In the case of methyl dehydroabietate (methyl abieta-8,11,13-trien-18-oate; exact mass 314.22458 Da), identified in EI and confirmed in PCI mode by detection of various adducts and expected isotopic pattern, no match was found in the mzCloud spectral library. Thus, the only way to take advantage of the MS2 data was to apply in silico fragmentation (Figure 3).
Although the FISh coverage was determined to be only 69.70, it worth noting that the non-explained ions have low intensity. Moreover, many of the explained ions have m/z > 100, which means that they are very selective, and they provide high confidence in the identification.
The same experimental approach was used to assess the chemical profile of soil sample extracts taken from three locations near Bremen, Germany. The first objective was to identify if there were any significant difference between the three soil samples. This was achieved through a differential analysis of the replicate injections of each sample. Figure 4 shows the good agreement of the replicate injections (pyrene is used as an example compound) and the differences between two of the three samples. The subsequent steps then help identify which peaks contribute to the differences so that a compound identification can be proposed.
As an example, Figure 4 shows a volcano plot for samples D and L. The volcano plot is a type of scatter plot for replicate data where the x-axis represents the log2 of the fold change between two sample groups (generated ratio), and the y-axis represents the negative log10 of the p-value (test of significance) of the fold change. In other words, when a point (compound) appears more on the right side of the plot (positive values on x-axis), the peak area of that compound is much higher in sample D than in sample L. Points that are higher on the graph are statistically more significant. It can be easily recognized that sample D contained more characteristic compounds than sample L.
In the discussed samples, most of the detected compounds were related to the presence of the soil organic matter; however, common contaminants also could be identified. Pyrene was present in all three analyzed soils; however, its signal was the highest in sample M. Using EI, pyrene was identified, achieving a search index of 897 and a reversed search index of 932. Pyrene and other PAHs produce a stable and intense molecular ion, which is not very common in EI. In addition, the presence of pyrene was confirmed in the CI mode.
In addition to pyrene, the samples also contained fluoranthene and perylene, again with peak areas being the greatest in sample M. This finding can be explained by the fact that this sample was collected in a neighborhood of detached houses, many of which have a fireplace. This could be the reason of the elevated amounts of PAHs in the surrounding soil.
High-resolution accurate mass (HRAM) mass spectrometry, in combination with powerful processing software, is an excellent tool for the identification of known and unknown contaminants, even in highly complex sample types. The use of different ionization techniques, like EI and CI, provide complementary data sets, allowing access to molecular ions and fragmentation products for compound identity confirmation. Database searching, using MS data or using the option to further generate fragmentation in the mass spectrometer, further help elucidate or confirm unknown compounds. Statistical analysis and graphical visualization tools facilitate the interpretation of results. Differential analysis, for example using volcano plots, is useful in the global comparison between two selected samples, whereas other representations, such as whisker charts, allow the comparison of a compounds peak area across all samples.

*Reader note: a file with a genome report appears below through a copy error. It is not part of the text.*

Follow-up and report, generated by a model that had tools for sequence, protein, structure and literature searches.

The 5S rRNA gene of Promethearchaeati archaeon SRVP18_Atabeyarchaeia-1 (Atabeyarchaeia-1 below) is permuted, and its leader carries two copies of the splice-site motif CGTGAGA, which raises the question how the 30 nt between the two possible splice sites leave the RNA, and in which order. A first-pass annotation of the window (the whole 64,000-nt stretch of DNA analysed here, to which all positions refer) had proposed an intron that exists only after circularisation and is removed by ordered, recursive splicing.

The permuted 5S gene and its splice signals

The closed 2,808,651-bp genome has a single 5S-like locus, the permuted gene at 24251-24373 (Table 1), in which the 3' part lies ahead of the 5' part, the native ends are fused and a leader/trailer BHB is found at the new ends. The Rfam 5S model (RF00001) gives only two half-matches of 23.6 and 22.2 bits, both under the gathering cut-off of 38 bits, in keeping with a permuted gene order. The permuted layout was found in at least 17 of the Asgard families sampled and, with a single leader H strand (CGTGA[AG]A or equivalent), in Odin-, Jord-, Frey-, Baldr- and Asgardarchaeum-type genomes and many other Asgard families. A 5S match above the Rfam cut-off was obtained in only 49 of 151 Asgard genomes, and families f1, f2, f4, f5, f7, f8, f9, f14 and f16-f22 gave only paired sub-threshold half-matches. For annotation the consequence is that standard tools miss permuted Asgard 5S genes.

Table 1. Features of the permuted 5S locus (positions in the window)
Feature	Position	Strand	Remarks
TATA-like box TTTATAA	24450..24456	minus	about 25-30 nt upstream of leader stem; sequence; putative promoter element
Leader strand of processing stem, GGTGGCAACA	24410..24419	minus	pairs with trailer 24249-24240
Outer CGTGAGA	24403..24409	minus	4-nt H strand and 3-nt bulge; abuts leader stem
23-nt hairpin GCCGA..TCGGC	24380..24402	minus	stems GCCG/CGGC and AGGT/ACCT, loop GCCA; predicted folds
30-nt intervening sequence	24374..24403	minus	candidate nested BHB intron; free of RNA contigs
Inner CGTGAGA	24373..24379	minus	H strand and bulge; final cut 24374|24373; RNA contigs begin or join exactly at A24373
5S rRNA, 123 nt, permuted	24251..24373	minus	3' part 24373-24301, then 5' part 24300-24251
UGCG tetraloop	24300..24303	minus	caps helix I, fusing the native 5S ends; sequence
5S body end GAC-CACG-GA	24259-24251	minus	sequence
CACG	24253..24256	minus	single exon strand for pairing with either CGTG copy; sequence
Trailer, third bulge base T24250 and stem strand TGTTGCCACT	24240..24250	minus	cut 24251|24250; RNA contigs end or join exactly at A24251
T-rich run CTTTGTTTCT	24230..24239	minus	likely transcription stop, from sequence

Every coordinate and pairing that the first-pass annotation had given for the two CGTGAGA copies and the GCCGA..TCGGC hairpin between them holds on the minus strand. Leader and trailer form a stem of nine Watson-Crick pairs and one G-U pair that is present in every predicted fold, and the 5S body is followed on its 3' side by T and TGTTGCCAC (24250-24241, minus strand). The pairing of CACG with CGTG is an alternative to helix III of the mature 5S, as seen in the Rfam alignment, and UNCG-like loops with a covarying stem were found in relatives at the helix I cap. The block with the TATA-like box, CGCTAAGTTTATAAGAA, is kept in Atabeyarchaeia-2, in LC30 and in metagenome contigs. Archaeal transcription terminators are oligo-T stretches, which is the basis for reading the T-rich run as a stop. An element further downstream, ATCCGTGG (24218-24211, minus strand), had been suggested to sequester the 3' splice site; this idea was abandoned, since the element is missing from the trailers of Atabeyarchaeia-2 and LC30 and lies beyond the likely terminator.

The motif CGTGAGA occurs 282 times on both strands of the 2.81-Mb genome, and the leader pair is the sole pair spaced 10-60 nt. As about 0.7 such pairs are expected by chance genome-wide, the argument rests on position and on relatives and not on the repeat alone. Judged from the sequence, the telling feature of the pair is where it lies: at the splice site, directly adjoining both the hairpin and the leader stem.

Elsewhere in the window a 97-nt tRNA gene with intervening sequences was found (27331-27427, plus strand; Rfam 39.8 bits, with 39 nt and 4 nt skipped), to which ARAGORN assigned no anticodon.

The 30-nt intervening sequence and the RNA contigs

(1) Thermo Fisher Scientific Technical Note 10730. Mass resolving power of 240,000: for confident compound identification, 2020.
(2) Cleven, C. D.; Howard, A. S.; Little, J. L.; Yu K. Identifying “Known Unknowns” in Commercial Products by Mass Spectrometry. LCGC Eur. 2013, 26 (3), 163‒168.
(3) Thermo Fisher Scientific Application Note 1605. Differential analysis of soil using the Orbitrap Exploris GC 240 mass spectrometer and Compound Discoverer software, 2022.
(4) Thermo Fisher Scientific Application Note 1607. Untargeted screening and identification of substances in plastic food contact materials using an Orbitrap Exploris GC 240 mass spectrometer, 2022.
(5) European Commission. Commission Regulation (EU) No 10/2011 of 14 January 2011 on Plastic Materials and Articles Intended to Come into Contact with Food. http://data.europa.eu/eli/reg/2011/10/2020-09-23 (accessed 2021-09-20).
(6) International Life Science Institute (ILSI) Europe. Guidance on Best Practices on the Risk Assessment of Non-Intentionally Added Substances (NIAS) in Food Contact Materials and Articles; ILSI Europe: Brussels, Belgium, 2015. https://ilsi.org/europe/wp-content/uploads/sites/3/2016/04/2015-NIAS_version-January-2016.pdf (accessed 2022-12-15).
Łukasz Rajski and Daniel Kutscher are with Thermo Fisher Scientific, in Bremen, Germany. Dominic Roberts is with Thermo Fisher Scientific, in Hemel Hempstead, United Kingdom. Direct correspondence to: email@example.com